$1.5T tax cut will make 2018 a monster year for trucking

President Trump celebrates the passage of the tax cut on the White House South Lawn Wednesday afternoon.

Every owner-operator with an LLC will save money

Today House Republicans rushed through a second vote approving their sweeping tax reform package, 224-201, after making last minute changes to comply with Senate budgetary rules. Yesterday the tax bill passed the Senate 51-48. The tax cut is the most significant legislative victory scored by the GOP since taking control of both chambers in January 2015, when they assumed majority control of the Senate. The bill is expected to have broad effects on the economy, carving deep and permanent cuts into corporate tax rates as well as lowering individual income taxes for five years.

An emotional Speaker Paul Ryan (R-WI) on the floor of the House, exclaimed, “Today, we are giving the people of this country their money back.” The plan cuts the corporate tax rate from 35% to 21%, overhauls the tax brackets for personal income, including lowering the top rate from 39.6% to 37%, and doubles the size of inheritances exempt from estate taxes to $22M for married couples. This afternoon President Trump tweeted, “We are delivering HISTORIC TAX RELIEF for the American people! #TaxCutsandJobsAct”. 

President Trump and Congressional Republicans held a festive, celebratory event Wednesday afternoon. As President Trump approached the podium set up in front of the White House’s South Lawn, the Marine Corps band played “Hail to the Chief.” Trump touted the hard work of the Republican legislators standing behind him, and then announced that he had just received word that AT&T pledged to increase capital spending by $1B in 2018 and give $1,000 bonuses to more than 200,000 workers on the basis of the tax cut’s passage. It’s fair to say that President Trump was jubilant over his much-needed political win, giving shout-outs to lawmakers in a casual, jovial manner. “Orrin did a great job—he’s a really special person,” said Trump of Sen. Orrin Hatch (R-UT), Chairman of the Senate Finance Committee. Referring to Rep. Steve Scalise (R-LA), the House Majority Whip who was shot during a softball practice in June, Trump joked, “What a hell of a way to lose weight. We love you Steve!”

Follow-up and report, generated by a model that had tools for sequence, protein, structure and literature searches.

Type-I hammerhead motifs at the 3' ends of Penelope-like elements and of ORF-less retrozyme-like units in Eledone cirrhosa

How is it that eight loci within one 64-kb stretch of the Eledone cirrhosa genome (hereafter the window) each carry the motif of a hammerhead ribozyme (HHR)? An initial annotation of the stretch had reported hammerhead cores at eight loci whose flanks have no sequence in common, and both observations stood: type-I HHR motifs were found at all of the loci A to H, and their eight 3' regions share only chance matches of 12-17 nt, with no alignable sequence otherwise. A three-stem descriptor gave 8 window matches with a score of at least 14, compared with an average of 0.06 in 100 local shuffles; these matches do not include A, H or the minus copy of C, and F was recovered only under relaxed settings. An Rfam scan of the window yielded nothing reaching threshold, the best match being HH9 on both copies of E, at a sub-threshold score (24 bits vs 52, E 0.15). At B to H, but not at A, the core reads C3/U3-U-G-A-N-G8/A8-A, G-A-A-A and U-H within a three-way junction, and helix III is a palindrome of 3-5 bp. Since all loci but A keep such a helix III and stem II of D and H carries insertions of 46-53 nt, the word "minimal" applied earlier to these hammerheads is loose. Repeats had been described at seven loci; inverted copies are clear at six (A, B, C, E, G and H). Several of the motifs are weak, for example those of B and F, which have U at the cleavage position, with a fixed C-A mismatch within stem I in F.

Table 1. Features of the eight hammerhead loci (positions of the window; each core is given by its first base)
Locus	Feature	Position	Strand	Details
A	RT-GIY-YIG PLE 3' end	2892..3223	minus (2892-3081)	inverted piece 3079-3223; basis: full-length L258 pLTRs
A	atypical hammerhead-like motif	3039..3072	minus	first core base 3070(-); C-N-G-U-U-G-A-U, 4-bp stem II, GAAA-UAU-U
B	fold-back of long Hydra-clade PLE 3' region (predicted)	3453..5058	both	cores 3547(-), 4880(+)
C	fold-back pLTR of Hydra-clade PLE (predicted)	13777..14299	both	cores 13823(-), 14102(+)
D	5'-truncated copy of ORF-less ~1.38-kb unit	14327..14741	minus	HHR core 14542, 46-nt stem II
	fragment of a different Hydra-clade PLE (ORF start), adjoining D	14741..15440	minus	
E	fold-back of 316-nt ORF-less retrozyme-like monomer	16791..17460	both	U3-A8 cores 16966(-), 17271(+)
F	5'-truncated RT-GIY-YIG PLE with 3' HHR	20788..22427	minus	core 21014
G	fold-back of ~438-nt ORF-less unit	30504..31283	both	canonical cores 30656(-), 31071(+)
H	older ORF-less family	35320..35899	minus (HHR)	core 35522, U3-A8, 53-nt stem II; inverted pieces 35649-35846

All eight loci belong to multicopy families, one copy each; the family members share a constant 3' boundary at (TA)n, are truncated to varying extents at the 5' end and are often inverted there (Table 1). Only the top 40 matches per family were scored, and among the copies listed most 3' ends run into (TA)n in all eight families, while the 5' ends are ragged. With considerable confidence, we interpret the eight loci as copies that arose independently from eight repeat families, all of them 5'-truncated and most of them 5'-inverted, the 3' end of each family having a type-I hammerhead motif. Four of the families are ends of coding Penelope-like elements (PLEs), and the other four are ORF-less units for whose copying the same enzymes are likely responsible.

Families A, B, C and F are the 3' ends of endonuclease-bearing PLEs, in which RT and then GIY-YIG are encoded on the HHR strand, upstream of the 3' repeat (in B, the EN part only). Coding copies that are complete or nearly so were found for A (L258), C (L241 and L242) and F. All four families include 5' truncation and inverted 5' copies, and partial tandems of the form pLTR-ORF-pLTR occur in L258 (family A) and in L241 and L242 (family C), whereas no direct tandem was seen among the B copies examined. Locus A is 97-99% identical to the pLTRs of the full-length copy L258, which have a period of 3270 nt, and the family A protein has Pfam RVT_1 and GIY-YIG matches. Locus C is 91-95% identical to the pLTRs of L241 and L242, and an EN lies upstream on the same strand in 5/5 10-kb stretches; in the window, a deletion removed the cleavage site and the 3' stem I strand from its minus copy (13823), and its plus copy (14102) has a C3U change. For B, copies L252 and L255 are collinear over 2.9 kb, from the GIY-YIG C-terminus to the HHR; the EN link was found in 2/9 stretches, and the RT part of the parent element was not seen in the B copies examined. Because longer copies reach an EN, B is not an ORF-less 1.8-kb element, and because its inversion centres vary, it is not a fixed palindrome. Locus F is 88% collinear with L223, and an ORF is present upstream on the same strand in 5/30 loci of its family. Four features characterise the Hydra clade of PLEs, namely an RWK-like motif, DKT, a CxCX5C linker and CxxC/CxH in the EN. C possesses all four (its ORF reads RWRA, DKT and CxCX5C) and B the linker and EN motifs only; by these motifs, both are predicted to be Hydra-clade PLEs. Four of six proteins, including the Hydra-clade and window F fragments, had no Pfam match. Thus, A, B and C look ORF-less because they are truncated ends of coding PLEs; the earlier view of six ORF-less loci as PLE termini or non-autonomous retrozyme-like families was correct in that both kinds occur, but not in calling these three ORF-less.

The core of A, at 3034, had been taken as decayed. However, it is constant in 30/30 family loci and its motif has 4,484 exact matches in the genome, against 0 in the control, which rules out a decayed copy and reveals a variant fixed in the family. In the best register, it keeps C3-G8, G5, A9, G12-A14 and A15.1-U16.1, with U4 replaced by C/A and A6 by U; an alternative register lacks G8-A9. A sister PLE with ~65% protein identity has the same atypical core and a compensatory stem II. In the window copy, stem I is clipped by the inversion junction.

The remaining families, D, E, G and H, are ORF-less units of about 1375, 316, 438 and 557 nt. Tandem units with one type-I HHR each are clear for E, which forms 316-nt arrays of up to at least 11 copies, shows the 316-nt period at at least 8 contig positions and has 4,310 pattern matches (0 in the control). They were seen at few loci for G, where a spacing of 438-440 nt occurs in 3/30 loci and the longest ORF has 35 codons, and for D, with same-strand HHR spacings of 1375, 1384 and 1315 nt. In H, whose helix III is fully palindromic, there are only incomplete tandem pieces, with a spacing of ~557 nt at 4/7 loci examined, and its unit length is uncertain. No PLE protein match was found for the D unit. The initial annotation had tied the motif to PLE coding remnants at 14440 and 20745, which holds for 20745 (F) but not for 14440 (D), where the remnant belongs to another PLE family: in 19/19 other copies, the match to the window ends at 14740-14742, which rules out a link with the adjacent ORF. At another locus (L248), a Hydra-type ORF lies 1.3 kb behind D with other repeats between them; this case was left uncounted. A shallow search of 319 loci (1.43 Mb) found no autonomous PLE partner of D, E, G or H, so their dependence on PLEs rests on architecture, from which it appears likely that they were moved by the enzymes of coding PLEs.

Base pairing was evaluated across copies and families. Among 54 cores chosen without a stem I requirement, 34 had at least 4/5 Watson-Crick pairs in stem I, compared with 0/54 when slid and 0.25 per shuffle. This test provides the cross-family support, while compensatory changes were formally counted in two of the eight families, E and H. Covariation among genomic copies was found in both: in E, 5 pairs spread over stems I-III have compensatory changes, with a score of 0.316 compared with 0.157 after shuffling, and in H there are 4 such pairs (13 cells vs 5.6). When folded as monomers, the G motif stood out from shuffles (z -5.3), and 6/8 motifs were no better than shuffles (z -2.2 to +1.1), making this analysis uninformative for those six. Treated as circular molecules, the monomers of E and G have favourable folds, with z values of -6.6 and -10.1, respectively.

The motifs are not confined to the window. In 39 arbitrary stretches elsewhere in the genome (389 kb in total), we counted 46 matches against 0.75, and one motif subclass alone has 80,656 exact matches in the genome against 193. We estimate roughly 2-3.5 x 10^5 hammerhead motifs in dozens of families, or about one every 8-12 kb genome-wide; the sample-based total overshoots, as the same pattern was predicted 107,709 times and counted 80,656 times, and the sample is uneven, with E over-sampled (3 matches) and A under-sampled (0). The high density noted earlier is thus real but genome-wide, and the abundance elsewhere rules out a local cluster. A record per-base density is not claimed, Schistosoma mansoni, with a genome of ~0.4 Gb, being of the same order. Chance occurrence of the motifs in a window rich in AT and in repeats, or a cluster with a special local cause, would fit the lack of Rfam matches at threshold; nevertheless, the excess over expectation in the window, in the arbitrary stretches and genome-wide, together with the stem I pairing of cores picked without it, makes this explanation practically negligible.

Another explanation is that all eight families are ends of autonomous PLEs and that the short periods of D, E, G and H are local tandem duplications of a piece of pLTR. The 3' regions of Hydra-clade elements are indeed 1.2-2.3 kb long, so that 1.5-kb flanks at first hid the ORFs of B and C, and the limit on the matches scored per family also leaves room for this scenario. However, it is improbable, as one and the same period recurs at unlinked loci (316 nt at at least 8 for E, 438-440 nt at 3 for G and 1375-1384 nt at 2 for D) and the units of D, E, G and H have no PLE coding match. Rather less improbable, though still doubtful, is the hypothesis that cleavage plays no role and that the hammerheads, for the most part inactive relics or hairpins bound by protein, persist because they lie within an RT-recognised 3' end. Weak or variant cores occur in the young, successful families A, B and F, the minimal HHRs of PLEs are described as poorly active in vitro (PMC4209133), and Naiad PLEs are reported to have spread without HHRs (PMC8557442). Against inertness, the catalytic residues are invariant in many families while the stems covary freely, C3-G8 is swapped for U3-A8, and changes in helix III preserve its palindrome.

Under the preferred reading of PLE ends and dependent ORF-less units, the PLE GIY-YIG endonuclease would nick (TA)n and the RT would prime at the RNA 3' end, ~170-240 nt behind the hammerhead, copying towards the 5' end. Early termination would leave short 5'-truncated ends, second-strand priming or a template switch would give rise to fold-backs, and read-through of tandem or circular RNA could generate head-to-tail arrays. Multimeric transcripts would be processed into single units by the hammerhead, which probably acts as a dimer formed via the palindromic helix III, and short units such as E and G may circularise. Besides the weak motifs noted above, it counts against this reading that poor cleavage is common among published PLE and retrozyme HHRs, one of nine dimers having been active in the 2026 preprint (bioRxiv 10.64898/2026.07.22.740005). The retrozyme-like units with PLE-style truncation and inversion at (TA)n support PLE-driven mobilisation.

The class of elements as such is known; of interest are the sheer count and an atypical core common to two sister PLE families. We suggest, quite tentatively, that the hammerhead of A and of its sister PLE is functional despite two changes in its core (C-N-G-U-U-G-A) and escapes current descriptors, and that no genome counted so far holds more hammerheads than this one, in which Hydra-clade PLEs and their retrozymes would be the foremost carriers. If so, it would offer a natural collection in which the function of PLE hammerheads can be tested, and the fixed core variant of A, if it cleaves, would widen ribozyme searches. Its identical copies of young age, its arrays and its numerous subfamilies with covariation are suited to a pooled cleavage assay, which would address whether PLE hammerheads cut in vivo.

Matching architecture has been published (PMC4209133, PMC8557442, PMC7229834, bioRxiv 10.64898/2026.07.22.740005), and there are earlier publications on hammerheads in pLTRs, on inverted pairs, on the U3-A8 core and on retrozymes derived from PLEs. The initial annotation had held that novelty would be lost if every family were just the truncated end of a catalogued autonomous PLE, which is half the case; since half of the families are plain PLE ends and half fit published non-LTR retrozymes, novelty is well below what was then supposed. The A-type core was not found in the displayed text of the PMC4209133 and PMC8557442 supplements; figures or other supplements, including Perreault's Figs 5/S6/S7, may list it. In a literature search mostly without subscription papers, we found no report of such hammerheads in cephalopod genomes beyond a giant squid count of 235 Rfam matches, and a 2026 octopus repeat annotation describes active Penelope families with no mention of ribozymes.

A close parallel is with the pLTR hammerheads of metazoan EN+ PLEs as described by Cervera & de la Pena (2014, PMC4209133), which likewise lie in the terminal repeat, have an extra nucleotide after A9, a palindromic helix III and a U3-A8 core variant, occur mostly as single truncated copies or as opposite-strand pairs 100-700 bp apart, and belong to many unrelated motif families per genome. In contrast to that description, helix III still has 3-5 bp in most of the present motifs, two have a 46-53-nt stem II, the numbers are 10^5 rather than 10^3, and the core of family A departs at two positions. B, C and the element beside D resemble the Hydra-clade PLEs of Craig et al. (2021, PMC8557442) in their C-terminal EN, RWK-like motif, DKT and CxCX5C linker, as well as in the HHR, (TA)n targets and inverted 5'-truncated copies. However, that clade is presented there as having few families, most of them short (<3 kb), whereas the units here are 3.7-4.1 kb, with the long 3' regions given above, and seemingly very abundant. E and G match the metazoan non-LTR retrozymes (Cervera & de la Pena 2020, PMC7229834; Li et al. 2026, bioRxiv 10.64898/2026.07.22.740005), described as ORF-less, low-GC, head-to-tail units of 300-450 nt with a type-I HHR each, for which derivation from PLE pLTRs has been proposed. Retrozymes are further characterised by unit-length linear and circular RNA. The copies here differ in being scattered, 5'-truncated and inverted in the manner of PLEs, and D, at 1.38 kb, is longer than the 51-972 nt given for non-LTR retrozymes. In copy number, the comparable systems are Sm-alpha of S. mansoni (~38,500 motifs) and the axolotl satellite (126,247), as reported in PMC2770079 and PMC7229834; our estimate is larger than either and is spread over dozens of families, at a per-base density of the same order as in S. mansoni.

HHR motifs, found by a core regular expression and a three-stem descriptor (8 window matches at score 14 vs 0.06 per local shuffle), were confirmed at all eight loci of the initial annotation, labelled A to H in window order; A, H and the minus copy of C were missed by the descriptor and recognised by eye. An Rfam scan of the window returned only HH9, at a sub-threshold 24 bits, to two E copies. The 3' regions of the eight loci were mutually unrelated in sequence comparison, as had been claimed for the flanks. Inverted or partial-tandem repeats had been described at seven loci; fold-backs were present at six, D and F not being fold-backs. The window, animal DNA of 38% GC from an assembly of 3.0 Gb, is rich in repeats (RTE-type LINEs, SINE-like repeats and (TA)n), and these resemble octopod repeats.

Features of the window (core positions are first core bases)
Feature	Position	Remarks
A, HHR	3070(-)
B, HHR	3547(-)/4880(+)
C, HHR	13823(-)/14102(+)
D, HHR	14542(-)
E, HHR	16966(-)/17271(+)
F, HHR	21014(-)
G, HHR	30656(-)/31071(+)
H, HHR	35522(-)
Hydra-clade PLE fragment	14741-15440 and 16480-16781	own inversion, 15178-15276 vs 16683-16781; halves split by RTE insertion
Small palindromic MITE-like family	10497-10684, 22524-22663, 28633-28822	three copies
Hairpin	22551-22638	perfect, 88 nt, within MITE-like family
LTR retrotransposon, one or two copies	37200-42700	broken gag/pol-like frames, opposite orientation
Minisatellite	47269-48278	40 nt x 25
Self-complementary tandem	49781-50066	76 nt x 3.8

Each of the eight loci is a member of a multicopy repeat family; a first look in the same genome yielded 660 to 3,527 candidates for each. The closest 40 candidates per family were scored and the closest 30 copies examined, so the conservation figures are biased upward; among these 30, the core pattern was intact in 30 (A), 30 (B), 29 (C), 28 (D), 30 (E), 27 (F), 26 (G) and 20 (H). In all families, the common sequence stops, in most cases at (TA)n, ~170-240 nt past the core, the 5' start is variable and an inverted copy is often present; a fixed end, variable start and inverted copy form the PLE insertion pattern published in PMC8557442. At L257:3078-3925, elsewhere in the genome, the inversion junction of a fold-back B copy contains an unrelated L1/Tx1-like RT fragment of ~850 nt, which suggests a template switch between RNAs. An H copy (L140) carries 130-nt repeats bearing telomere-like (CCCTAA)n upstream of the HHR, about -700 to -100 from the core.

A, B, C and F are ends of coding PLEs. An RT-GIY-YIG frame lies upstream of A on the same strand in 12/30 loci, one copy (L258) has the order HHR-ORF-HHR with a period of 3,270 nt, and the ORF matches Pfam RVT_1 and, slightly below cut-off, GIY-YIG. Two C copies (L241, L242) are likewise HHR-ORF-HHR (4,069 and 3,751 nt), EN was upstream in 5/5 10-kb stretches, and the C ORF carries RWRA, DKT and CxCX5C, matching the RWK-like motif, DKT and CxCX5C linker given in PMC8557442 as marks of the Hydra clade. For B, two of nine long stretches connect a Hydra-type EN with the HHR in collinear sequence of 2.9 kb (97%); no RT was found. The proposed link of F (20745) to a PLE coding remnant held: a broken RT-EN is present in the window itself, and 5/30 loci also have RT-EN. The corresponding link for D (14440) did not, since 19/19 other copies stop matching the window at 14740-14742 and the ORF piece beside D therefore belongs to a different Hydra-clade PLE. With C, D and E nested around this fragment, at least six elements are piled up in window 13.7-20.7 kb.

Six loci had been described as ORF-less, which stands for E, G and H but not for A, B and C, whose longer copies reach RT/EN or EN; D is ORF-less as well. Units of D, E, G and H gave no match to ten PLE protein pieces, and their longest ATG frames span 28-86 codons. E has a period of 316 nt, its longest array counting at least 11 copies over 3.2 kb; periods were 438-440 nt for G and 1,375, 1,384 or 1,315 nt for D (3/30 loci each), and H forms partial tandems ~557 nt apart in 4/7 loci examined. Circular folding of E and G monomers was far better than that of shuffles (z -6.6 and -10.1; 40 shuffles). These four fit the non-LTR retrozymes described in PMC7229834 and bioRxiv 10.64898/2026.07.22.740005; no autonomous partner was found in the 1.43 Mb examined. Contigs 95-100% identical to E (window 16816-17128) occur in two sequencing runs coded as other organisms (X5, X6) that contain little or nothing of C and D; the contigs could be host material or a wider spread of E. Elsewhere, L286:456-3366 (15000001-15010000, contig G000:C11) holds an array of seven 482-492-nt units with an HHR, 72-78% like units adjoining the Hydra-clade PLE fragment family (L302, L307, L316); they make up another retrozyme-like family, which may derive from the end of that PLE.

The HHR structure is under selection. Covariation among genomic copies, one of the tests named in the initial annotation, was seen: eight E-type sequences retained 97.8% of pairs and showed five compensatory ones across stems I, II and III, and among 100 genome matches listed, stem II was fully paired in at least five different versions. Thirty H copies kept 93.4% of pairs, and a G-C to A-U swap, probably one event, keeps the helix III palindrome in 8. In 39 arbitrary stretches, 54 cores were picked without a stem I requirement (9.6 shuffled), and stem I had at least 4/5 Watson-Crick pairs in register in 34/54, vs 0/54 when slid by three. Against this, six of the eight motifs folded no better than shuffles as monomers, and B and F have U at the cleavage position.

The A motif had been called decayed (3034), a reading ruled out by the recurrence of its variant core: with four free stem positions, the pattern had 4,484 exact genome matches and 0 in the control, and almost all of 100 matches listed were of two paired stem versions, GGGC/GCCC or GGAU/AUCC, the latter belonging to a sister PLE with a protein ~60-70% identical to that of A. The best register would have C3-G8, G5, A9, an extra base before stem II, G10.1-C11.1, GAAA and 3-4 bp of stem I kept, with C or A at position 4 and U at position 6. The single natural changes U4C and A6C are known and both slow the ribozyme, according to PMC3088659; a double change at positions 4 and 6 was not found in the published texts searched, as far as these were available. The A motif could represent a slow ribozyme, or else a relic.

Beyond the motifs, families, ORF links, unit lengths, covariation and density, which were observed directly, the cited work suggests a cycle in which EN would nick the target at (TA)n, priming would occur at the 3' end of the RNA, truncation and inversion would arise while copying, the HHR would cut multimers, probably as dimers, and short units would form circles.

But what effects will the tax reform bill have on American freight markets? Corporations will see certainly see a windfall of cash, but it matters how they spend it. Over the past year, many corporations have spent cash reserves on stock buybacks and dividends—they’ve been trying to boost stock prices to keep investors happy without really ploughing the money back into the companies. Mark Zandi, chief economist at Moody’s Analytics, said he expects the tax cut to boost business investment growth from about 4% to 6% over the next couple of years. This would be great for trucking: flatbeds would be hauling more heavy industrial machinery, and the pick-up in manufacturing production would increase in demand for dry van capacity all over the country. Consumers will have more money to spend: Sen. Tim Scott (R-SC) said that the average working single mother will see her tax bill cut by 70%, freeing up cash for her to buy goods—goods that will be shipped by trucks. 

Zandi worries, though, that the cost of the plan could bloat the deficit so much that interest rates could go up, ultimately discouraging business borrowing and investment. Other commentators, like Ryan Bourne from the libertarian Cato Institute, believe that the tax reform “will attract substantial capital to the US corporate sector, by increasing the after-tax return on investment, encouraging profit repatriation and more headquartering in the US, and shifting capital from less productive sectors.”

Valuations of truckload carriers have been rising for the past month—the Dow Jones U.S. Trucking Index has gone up 10% in the past month. We will find in the next few weeks whether the anticipated windfalls from slashing corporate taxes have already been priced in to those stocks, or whether carriers’ values will be boosted again. 

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John Paul Hampstead, Associate Editor

John Paul writes about current events and economics, especially politics, finance, and commodities, and holds a Ph.D. in English literature from the University of Michigan. In previous lives John Paul studied Shakespeare in London and Buddhism in India, but now he focuses on transportation and logistics in the heart of Freight Alley--Chattanooga. He spends his free time with his wife and daughter herding cats, collecting books, and walking alongside the Tennessee River.

One Comment

  1. President Reagans tax cuts more than paid for themselves, both in the 80s and even more so in the 90s. Let’s hope these cuts pay for themselves by increasing the size of the economy far beyond what it would have been otherwise, like Reagans tax cuts did.

    The Demoncrat/RINO Congressional big spending "80s budget deficits" which Reagan opposed, however ate up all the extra revenue from Reagans more than "completely paid for" tax cuts. Let’s get rid of all the RINOS and the "other" remaining Demoncrats so that doesn’t happen here. Paul "Rino" Ryan and Mitch "McTurtle" McConnell need to be at the top of this purge list!

    President Reagan presented fully balanced budgets 7 out of 8 years to the Demoncrat/RINO Congresses in the 80s. And they bloated them back up each time and sent them back to him. President Trump needs to present balanced budgets as well, or as near as he can get in our current Democrat caused Federal Debt disaster situation.